Publication favorite, Hiss Golden Messenger is the tip of the spear propelling the legendary Merge record label. It’s been a hot minute since the release of the critically acclaimed, ‘Southern Grammar,’ but little was lost in his set and excitement builds for another album.
At the Rail’s beer garden a more digestible brand of pop was featured by Philly’s Mercury Girls. The energetic and beautiful lead singer, Sarah Shimineck had the pipes of any reality television karaoke contest judge, but the spirit of an indie pop pixie. Short waves of high energy made the 45 minute set seem more like a feast than the hors d’ouevres festival slots generally provide.
Speaking of food, any musician will tell you the recipe for a solid song rests with contrast. And nothing could have been more different for Abe’s on Lincoln’s (Southern blasphemy?) secret show. Laures Vidal is a bit of a one man band. Like Shakey Graves before him he isn’t content simply with his guitar and voice, perhaps the odd addition of a harp. No, for him and other forward looking musicians the song needs a beat. But drummers are notoriously unreliable and he wasn’t really using his feet, so voila. Vidal’s music is branded as ‘kitchen sink beat blues,’ but I found his tunes to be closer to an African accented take on Americana. The long consonantal runs and faux rap over bridges between choruses reminded one of Dispatch minus the political agenda. The small, hard wood venue had filled to capacity and it was clear Vidal’s was a winning set.
Unfortunately, not everything was magic at Savannah Stopover. One of the most anticipated shows, the David Bowie tribute concert by Capsula was a wash. The band was energetic, and it was immediately understood they had done their homework, but the venue was working against them. You see, the set was misappropriated to the Trinity United Church. Generally, churches make for wonderful sonic environments. They are, in fact, largely designed to convey sound. While previous performances by David Wax Museum or the Quiet Hollers came off well, they were undoubtedly playing at a softer volume, no less of a gentler tone. The raucous music of Ziggy Stardust and it’s over amplification made for sound bounce mayhem and a less than Bowiesque reception.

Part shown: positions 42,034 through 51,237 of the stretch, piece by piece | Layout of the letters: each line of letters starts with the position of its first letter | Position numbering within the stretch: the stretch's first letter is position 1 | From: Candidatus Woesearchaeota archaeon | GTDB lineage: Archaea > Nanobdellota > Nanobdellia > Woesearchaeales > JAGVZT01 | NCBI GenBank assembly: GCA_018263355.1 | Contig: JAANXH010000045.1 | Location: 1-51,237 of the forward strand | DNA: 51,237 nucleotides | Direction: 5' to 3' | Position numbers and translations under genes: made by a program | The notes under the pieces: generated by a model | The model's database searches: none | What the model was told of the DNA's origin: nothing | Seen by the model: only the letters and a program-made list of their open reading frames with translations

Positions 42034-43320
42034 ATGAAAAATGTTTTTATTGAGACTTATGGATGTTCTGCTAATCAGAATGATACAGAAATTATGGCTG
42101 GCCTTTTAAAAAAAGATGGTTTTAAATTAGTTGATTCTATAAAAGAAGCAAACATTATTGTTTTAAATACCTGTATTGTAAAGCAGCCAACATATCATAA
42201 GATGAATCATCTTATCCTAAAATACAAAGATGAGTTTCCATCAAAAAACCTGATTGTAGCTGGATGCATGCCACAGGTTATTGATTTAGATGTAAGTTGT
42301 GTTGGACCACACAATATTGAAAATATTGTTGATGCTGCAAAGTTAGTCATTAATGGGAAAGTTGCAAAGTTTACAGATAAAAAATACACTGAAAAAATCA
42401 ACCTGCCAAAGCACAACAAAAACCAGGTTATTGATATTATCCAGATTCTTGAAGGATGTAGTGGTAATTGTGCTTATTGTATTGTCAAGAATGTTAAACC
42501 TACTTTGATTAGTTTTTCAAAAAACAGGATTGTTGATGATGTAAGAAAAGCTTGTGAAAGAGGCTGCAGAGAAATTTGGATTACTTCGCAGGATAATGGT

For Saturday, it seemed all the really impactful showcases came early. Back at the Jinx Brooklynites OxenFree were a bit out of sorts. Indeed, most of the festival leaned towards the indie craze of some years ago, but OxenFree were opening for a one-two combo of an Americana punch. One shouldn’t look too deeply into that statement though, because regardless of genre, good music is immediately identifiable. Though OxenFree’s discography contains nothing more than a single, their set was a breath of fresh air in an otherwise stale atmosphere. So many bands are quickly forgotten with the next set, but of those attempting the college rock market, OxenFree with their rhythmic teeth and hyper-intelligent lyrical content won’t be so easily overlooked.